You must hold up your end if you agree to provide a product or service. At the same time, if you pay for something, the other party must hold up their end of the bargain. If either side does not do what they said they would, they are in breach of contract.
Breaching a legal agreement can have serious legal and professional repercussions, including significant penalties and severe damage to your reputation. Regardless of whether you feel you were justified or unfairly accused of committing the act, you could find yourself in serious trouble.
And considering how complicated contract law can be, having a good breach of contract lawyer is incredibly important if you think another party has not held up their part of a contract.
If you are stuck in the middle of a contract dispute, contact Copenhaver, Ellett & Derrico. Our business dispute lawyers are experts in settling business disputes. Call us today at (540) 655-1854 to learn more.
What is a Breach of Contract?
A breach of contract violates any of the agreed-upon terms and conditions of a binding contract. The breach could be between two individual persons; a person and a business; or two businesses. They can range from a late payment to a more severe violation like failing to deliver a promised asset. A breach can happen in both written and oral agreements.
This is different than voiding a contract, which can be done in a legal way when one or both parties decide that the contract no longer pertains to what was initially discussed. Generally, a breach of contract falls into two categories:
- Minor Breach of Contract – When you don’t receive an item or service by the due date.
- Material Breach of Contract – When you receive something different from what was stated in the agreement.
Are there Penalties for Breach of Contract?
Yes. Breaking contracts can have serious consequences. On top of repaying any money that has already been exchanged, you could also find yourself paying in other ways:
These are awarded to the party that suffered damages because of the breach and compensate them for their loss.
These compensate a party for any damages that directly resulted from the breach. They can include other expenses plus the actual incurred costs, but consequential damages are only available if they are foreseeable.
These are given as punishment to prevent the harmful behavior from happening again. While not unheard of, these are not common in Virginia contract cases.
These happen when one party might have to sell or turn over specific items to cover any damages. Usually, these are agreed to and listed in a particular clause in the contract.
Injunctions/other equitable relief
These are awarded and other damages when a specific value cannot be placed onto the breach. They can also enforce that one party still completes their end of the contract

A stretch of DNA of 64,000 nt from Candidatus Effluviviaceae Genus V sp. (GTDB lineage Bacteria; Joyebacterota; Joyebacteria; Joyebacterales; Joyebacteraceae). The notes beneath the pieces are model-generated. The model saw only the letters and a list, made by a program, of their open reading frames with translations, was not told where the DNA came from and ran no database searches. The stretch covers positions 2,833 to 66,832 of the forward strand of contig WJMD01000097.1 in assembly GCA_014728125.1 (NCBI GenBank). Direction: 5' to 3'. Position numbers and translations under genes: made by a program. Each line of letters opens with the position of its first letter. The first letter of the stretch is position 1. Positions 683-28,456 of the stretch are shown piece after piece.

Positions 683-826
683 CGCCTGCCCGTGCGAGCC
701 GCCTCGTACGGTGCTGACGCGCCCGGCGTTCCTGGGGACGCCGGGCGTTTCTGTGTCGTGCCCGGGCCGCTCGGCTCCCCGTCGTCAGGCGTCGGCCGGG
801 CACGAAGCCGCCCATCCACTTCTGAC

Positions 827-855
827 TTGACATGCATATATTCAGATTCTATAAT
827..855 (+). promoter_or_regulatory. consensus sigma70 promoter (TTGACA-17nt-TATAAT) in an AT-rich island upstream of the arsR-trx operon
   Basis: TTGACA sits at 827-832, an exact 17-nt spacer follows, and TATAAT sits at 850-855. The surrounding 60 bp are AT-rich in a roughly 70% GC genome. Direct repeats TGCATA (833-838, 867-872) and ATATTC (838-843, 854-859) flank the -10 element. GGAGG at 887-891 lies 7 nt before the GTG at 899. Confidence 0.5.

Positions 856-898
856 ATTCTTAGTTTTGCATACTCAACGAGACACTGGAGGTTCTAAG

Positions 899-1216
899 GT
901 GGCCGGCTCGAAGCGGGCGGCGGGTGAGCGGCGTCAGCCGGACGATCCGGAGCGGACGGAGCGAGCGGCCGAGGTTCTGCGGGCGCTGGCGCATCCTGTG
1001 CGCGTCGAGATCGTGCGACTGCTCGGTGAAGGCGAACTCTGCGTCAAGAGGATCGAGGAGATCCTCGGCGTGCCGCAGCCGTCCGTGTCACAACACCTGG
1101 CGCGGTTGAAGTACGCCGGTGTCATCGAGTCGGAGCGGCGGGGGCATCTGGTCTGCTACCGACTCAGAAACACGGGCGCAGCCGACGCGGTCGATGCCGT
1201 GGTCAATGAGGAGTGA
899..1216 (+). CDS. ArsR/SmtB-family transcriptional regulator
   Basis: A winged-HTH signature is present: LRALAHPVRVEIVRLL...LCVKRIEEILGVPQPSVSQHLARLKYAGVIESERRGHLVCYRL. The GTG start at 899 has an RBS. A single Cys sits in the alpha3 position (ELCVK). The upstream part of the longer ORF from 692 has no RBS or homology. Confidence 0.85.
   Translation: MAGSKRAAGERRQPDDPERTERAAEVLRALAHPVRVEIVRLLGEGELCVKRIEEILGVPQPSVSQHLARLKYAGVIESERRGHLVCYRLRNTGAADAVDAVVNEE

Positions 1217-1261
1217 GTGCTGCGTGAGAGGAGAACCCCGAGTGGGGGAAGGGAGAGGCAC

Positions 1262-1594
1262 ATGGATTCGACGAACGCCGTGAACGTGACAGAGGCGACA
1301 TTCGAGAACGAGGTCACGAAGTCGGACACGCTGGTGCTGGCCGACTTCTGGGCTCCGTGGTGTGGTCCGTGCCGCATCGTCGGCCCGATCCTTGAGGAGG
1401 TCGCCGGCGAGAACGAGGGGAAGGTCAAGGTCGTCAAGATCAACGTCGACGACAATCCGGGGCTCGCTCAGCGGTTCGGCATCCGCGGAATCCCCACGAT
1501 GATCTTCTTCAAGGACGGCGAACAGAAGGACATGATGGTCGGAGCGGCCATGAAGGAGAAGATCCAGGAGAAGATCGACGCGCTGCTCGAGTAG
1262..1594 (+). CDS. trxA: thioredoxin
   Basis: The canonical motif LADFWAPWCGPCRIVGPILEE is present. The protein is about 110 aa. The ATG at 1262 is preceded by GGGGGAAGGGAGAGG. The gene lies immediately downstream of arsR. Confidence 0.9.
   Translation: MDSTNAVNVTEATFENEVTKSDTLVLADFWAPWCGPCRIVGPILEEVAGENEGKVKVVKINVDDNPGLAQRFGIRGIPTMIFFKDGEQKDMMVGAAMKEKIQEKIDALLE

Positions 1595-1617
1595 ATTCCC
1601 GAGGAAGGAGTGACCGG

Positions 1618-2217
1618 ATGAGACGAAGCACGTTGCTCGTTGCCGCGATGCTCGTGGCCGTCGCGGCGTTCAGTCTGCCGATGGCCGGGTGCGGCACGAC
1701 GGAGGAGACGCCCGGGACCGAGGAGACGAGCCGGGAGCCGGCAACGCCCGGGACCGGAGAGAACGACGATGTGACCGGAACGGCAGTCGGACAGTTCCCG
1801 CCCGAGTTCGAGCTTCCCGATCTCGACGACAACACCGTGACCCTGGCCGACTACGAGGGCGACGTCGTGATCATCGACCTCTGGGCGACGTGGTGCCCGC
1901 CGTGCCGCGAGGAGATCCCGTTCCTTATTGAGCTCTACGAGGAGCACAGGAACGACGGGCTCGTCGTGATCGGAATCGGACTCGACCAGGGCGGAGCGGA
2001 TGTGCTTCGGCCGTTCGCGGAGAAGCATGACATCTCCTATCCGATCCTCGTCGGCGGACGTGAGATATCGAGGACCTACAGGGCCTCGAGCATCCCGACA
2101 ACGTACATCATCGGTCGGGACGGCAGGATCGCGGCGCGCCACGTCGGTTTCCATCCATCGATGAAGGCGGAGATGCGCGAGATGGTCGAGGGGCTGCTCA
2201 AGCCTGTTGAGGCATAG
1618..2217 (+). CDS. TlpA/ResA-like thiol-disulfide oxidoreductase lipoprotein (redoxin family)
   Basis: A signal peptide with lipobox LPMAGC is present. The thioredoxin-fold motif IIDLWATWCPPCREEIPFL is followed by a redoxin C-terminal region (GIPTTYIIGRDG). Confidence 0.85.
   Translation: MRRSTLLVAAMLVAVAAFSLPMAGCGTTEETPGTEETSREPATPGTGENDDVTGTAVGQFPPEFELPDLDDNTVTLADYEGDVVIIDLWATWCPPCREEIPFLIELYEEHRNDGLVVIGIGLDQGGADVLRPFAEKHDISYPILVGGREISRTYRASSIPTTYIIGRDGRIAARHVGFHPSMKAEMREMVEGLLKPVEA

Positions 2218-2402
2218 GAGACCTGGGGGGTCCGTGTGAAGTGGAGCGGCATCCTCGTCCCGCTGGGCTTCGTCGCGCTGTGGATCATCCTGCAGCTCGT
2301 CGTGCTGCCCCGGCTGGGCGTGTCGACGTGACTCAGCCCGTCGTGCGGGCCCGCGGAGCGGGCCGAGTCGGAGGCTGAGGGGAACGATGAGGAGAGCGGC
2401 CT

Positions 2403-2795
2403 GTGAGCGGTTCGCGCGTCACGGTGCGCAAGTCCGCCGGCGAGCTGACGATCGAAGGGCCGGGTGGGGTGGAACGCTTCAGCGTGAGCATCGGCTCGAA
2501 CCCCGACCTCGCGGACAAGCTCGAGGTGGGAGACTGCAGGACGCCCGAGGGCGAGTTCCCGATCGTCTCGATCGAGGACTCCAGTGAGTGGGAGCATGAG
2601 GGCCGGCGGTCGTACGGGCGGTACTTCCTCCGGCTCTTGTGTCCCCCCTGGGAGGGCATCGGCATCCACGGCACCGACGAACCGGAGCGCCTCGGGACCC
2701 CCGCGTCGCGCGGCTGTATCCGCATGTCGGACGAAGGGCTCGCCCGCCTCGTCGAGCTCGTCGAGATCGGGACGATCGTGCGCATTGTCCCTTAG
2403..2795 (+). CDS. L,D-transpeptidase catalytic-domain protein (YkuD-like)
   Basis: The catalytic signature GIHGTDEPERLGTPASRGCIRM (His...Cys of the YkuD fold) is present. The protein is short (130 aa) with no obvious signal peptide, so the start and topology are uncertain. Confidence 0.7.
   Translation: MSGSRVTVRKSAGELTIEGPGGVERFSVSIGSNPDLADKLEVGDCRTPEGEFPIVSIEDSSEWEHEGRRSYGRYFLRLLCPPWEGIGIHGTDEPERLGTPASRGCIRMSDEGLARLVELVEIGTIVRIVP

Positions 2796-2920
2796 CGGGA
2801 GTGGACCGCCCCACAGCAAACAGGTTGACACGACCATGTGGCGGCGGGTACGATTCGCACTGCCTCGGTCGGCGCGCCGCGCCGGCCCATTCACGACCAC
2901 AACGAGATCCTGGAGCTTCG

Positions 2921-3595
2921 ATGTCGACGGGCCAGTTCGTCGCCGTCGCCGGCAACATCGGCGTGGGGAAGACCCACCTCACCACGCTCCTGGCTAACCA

Can You Remedy Breach of Contract?
Yes, and it does not always mean that you must take someone to court, which can be time-consuming and costly. A series of methods known as Alternative Dispute Resolution (ADR) can create an outcome that appeases all parties involved. Still, with each, it is in your best interests to have a good breach of contract lawyer acting on your behalf.
When an impartial, unbiased individual trained in dispute resolution (known as a “neutral”) assists in the determination, often without having the parties meet.
Here, your lawyer would gather all your information, make an appearance for you, and argue based on your position/wants.
When a neutral party facilitates a meeting of the parties so they may reach a mutually acceptable solution to their dispute.
While you still must make an appearance, your lawyer can go back and forth with the other lawyer during the negotiation, unlike in a court battle.
Early Neutral Evaluation
Here parties present their case to a neutral, and the neutral provides a non-binding assessment of the likely court outcome. With an objective evaluation, the parties get a realistic view of the court outcome, which may lead to all parties settling.
Of course, your lawyer can tell you whether they believe a court would rule differently based on the evidence gathered during the process.
In this formal process, a neutral hears arguments by the parties but does not facilitate negotiation between them. However, they have the authority to decide, and the parties decide whether the decision is binding or non-binding.
Contact a Roanoke Valley Breach of Contract Lawyer
Writing and signing a contract may seem like a cut-and-dry process, but not knowing what you are getting into can create a highly complex situation. If you think you are either the victim of a contract breach or a party who feels you are being accused without reasonable cause, contact Copenhaver, Ellett & Derrico.